King, Queen, Knave
First edition (Russian)
|Original title||Король, дама, валет (Korol', dama, valet)|
|Translator||Dmitri Nabokov and Vladimir Nabokov|
Weidenfeld & Nicolson (UK)
Published in English
|Media type||Print (Hardback & Paperback)|
King, Queen, Knave is a novel written by Vladimir Nabokov (under his pen name V. Sirin), while living in Berlin and sojourning at resorts in the Baltic in 1928. It was published as Король, дама, валет (Korol', dama, valet) in Russian in October of that year; the novel was translated into English by the author's son Dmitri Nabokov (with significant changes made by the author) in 1968, forty years after its Russian debut.
Franz (Bubendorf), a young man from a small town, is sent away from home to work in the Berlin department store of his well-to-do uncle (actually, his mother's cousin), Dreyer. On the train ride to Berlin Franz is seated in the same compartment with (Kurt) Dreyer and Dreyer's wife, Martha, neither of whom Franz has met. Franz is immediately enchanted by Martha's beauty, and, shortly after Franz begins work at the store, the two strike up a secret love affair.
As the novel continues Martha's distaste for her husband grows more pronounced, and with it her adoration for Franz. Franz, meanwhile, begins to lose any will of his own, and becomes a numb extension of his lover. Dreyer, meanwhile, continues to lavish blind adulation on his wife, and is only hurt, not suspicious, when she returns his love with resentment.
As her relationship with Franz deepens, Martha begins to hatch schemes for Dreyer's demise. Franz himself has begun to lose interest in Martha, but he goes along with her plotting. As part of Martha's plans, the three vacation together at the Seaview Hotel at Gravitz, a resort on the Baltic Sea. She plans to take Dreyer, who cannot swim, out in a rowing boat so he can be drowned. On the boat, however, the plot is suspended by Martha when she learns from Dreyer that he is about to close a very profitable business deal. Martha then gets pneumonia from the rain and the cold on the boat. To Dreyer's great sorrow she passes away; he never learns about the betrayal and the danger he was in. Franz, relieved by her death, is heard laughing "in a frenzy of young mirth".
Other characters in the novel are the "conjuror," Old Enricht, who rents out a room to Franz, and the Inventor who was developing robot-like "automannequins" financed by Dreyer who hoped to make money by selling the invention to the American Mr. Ritter. The Inventor promised to make three dummies, however, at the final performance for Ritter, only the "elderly gentleman" with Dreyer's jacket and the woman ("walking like a streetwalker") were ready. The woman dummy crashed in a final clatter.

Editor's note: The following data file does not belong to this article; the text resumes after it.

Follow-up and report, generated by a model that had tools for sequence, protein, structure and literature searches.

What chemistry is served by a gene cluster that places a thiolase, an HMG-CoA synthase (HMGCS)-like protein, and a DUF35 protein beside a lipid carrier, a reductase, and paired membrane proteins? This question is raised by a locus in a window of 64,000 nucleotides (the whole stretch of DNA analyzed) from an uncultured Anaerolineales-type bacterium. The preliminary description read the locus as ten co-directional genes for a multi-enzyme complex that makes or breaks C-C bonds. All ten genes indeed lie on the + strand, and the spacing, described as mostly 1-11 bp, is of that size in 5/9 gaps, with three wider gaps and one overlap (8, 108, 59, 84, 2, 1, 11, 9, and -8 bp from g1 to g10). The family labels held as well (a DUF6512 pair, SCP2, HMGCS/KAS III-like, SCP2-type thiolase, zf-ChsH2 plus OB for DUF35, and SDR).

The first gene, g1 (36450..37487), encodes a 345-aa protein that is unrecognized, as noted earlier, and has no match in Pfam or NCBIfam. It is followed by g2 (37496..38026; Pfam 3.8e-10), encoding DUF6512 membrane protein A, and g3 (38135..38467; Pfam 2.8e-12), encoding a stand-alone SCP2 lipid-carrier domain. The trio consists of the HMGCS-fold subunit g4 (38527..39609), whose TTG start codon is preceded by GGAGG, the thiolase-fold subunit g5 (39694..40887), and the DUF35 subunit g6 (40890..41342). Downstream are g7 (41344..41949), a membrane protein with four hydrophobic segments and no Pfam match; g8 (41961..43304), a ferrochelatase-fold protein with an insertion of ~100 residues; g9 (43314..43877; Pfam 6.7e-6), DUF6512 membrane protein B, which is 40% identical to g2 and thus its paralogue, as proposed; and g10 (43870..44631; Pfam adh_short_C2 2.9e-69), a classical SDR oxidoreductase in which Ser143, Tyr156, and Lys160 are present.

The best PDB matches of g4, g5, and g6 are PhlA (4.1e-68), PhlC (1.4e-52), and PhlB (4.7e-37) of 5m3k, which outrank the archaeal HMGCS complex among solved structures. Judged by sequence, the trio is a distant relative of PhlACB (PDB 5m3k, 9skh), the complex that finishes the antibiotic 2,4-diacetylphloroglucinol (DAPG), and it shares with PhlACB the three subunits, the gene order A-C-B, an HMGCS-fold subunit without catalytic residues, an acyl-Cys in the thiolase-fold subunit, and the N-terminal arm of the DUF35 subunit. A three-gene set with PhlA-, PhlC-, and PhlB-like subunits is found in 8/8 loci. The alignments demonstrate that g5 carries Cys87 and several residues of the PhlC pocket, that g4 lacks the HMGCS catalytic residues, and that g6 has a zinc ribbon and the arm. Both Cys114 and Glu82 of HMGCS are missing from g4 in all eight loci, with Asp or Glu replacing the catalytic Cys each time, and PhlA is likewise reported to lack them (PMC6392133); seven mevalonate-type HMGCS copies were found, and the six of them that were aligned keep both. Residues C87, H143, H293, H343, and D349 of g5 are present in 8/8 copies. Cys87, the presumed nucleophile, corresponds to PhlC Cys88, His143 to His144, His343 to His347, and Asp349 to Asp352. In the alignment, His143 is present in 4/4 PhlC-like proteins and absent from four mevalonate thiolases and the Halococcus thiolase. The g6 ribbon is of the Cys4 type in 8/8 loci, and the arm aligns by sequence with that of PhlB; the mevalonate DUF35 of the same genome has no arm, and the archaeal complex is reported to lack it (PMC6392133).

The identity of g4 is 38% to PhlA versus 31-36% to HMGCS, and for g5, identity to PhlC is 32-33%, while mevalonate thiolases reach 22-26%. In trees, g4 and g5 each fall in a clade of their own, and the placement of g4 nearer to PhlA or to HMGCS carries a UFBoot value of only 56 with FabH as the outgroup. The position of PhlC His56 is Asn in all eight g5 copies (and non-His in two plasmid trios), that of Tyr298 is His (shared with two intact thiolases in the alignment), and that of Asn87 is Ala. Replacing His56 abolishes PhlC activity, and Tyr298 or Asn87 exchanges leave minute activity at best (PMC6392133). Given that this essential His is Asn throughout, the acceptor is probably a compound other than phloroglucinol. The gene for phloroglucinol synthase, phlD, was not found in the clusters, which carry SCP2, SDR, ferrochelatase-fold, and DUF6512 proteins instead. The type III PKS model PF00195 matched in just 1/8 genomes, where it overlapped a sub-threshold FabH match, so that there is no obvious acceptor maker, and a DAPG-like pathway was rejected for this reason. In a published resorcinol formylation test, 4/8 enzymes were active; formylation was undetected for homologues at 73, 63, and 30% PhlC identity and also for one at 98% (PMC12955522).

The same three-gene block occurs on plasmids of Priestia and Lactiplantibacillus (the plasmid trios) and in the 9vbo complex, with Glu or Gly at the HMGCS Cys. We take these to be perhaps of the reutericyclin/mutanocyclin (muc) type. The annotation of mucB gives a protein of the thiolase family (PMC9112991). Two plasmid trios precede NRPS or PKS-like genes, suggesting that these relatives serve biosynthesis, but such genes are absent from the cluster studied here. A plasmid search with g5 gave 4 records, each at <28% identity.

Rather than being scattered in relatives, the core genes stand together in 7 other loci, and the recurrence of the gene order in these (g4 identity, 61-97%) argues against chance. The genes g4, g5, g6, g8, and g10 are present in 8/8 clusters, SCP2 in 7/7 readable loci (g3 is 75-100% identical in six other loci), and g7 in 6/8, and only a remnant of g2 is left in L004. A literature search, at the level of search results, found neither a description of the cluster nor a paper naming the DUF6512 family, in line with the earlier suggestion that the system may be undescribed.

One of Nabokov's favorite subjects, the doppelgänger theme, is enacted through the creation of the "automannequins". The character's fates can be read in the automatons' performance: the male dummy performs with panache and exits the stage; the female dummy's crash foreshadows Martha's demise; the third dummy is incomplete and unable to perform its intended mission.
Additionally, the actual automaton Franz represents a backward critique by Nabokov of the Weimar German psyche—ripe for destructive organization. The picture of Franz is that of a lower-class German who is easily manipulated, surrenders his moral judgment, and becomes increasingly dehumanized. In the book's last scenes, Nabokov describes Franz (with great penetration and comedy) as having "reached a stage at which human speech, unless representing a command, was meaningless." When Nabokov wrote the story, Nazism was then in its nascent stages, and Franz appears as a "Nazi in the making". Franz is faced in the train to Berlin by a man with a grotesque facial disfiguration, a glimpse of his fate according to the narrator. The narrator tells us also that Franz will eventually be “guilty of worse sins than avunculicide", a section that was inserted by Nabokov much later with historical hindsight when he prepared the English translation.
The author and his wife, though not directly identified, are portrayed near the end of the novel as a happy, but "puzzling" couple who are also vacationing in the Baltic resort and speaking in a foreign tongue; they have a butterfly net, which is taken for a fishing net by Franz and a shrimp net by Martha, but Dreyer identifies it correctly. Later Franz sees them again and feels they are talking about him and know "everything about his predicament". Dreyer reads a list of people in their hotel. The strange name Blavdak Vinomori strikes him; presumably this is the name of the male of this couple; it is an anagram of Vladimir Nabokov. The name Mr. Vivian Badlook also appears in the text, a "fellow skier and teacher of English," who photographs Dreyer in Davos, another anagram of Vladimir Nabokov.
In the book, there's also a self-reference to a fictional movie King, Queen, Knave, based on a play by a "Goldemar".
- Vladimir Nabokov, King, Queen, Knave, New York: McGraw Hill, 1968. p. 247.
- Leona Toker. Nabokov. The Mystery of Literary Structure. Cornell University Press, Ithaca, New York, 1989. Page 63. ISBN 0-8014-2211-6
- Nabokov, King, Queen, Knave, pps, 232, 254. Nabokov describes himself and Vera in a breezy prose postcard: "The girl had a delicately painted mouth and tender gray-blue eyes, and her fiancé or husband , slender, elegantly balding, contemptuous of everything on earth but her, was looking at her with pride; and Franz felt envious of that unusual pair."
- King, Queen, Knave, First Edition, McGraw-Hill Inc., 1968